Isn’t What It Used To Be
Or is it?
I have been advising about the decision making process since my first publication in 1962. This was my theory “by the book” and very rational. It was the accepted theory of the time. In the 55 years since then, clearly the interest in and attention to decision making has increased. And the opinions and knowledge has also increased and changed — several times. Has the way people make decisions changed?
How has deciding how to decide changed? For example, in 1989 I published my “Positive Uncertainty” article. It was in the same journal as in 1962 (Journal of Counseling Psychology). It was my confession that “I changed my mind” about my original decision making theory. But I wasn’t the only one.
Two Nobel Prize winners, Herbert Simon, 1978 and David Kahneman, 2002 changed popular theory and made it clear that human decision making is not, and probably cannot be, totally rational. Rational decision making is consciously analytic; nonrational decision making is intuitive and judgmental; irrational decision making responds to the emotions or deviates from action chosen rationally. Several recent popular books have tried to explain how to make “somewhat rational decisions”: Thinking Fast and Slow, David Kahneman: Decisive, Chip Heath and Dan Heath; Mindset, Carol Dweck; Being Wrong, Kathryn Schulz; among others. This is a history of varied decision advice.
Plus, our increasing knowledge of the unconscious mind and the identification of over 70 cognitive biases has influenced what we “know” about human decision making and made us less sure of how to define or prescribe the way people do or should decide. One’s unconscious mind is full of decision influencers acquired during a lifetime of personal experiences. And cognitive biases, acquired the same way, are usually out of one’s awareness. This means most of us don’t have a clue about how we make our decisions.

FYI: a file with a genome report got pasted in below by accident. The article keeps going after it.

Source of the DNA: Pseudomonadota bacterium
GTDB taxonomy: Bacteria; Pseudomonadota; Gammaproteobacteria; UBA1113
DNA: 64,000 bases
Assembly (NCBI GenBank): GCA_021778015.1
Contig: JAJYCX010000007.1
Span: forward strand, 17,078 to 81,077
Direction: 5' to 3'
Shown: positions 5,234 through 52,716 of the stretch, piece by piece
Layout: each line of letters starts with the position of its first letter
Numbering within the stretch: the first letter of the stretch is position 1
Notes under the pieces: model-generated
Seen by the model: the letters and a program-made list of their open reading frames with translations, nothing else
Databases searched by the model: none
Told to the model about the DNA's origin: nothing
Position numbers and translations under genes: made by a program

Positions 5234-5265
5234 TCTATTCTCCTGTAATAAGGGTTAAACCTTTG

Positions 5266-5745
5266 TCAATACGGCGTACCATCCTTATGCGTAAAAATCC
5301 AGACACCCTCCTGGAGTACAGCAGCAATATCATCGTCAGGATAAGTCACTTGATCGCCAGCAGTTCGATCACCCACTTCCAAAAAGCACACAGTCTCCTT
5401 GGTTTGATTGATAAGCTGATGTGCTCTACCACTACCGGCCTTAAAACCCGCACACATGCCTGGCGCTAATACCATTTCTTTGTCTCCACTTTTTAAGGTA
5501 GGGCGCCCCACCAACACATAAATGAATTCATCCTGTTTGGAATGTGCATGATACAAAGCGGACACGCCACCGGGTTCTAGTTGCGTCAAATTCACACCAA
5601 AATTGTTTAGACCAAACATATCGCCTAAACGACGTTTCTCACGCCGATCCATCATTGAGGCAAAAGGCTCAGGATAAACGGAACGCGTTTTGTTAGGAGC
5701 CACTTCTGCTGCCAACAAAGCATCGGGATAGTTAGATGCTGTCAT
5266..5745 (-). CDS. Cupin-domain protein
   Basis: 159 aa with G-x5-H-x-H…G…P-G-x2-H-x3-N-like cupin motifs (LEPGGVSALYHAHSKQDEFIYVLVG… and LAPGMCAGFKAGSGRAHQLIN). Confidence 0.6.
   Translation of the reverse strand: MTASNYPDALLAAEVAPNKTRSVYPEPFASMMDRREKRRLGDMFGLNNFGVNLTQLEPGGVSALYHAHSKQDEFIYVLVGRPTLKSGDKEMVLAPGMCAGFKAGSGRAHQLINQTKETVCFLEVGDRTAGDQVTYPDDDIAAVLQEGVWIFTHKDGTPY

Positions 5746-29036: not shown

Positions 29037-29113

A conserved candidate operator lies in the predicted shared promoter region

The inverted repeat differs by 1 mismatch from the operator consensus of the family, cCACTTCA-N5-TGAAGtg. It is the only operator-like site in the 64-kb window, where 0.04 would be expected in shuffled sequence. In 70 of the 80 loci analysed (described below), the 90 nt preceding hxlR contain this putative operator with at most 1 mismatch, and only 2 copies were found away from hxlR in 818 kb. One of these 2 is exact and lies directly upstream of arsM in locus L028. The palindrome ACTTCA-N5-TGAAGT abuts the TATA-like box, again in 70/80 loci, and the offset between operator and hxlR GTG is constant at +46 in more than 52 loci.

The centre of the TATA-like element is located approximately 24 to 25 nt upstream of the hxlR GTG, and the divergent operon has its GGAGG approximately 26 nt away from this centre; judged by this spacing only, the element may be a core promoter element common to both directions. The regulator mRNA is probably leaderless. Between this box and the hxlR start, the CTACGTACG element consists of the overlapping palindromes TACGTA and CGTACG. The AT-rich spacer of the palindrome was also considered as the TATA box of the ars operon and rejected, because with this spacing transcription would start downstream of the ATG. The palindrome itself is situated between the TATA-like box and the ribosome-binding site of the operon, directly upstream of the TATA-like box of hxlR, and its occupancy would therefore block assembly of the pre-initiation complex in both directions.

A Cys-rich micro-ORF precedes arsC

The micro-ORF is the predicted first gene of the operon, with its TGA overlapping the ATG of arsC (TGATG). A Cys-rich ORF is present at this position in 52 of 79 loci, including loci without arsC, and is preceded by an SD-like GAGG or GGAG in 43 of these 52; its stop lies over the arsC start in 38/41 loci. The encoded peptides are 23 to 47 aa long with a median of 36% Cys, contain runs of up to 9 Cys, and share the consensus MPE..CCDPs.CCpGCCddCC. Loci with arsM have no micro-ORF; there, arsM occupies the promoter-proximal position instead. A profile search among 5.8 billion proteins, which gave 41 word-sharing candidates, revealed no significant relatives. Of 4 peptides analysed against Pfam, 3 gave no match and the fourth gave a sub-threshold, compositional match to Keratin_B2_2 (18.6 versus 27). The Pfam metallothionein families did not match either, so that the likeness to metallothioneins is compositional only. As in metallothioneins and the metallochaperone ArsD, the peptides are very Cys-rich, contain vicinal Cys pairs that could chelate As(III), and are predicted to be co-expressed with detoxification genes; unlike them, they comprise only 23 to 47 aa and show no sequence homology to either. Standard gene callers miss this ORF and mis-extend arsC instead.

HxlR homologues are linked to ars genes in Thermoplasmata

Other changes have influenced how people decide. The arrival of Information Glut: the reception of more information than is necessary to make a decision or that can be understood and digested in the time available. And social media, websites and applications that enable users to create and share content or to participate in social networking. There is no validity or reliability filter for all of this “knowledge”. Since it could be said that “decision making is using what you know and believe to get what you want”, what you know, believe and want could be influenced by Information Glut and social media. How is one expected to make a rational or somewhat rational decision?
My point in reviewing this is to wonder out loud: “What difference does all of this advice make? Do people today decide differently (better?) than they did in 1962? Maybe decision making advice is overemphasizing the methods and principles of science.
Science can assist us in becoming more skilled choosers, but at its core, choice remains an art. Sheena Iyengar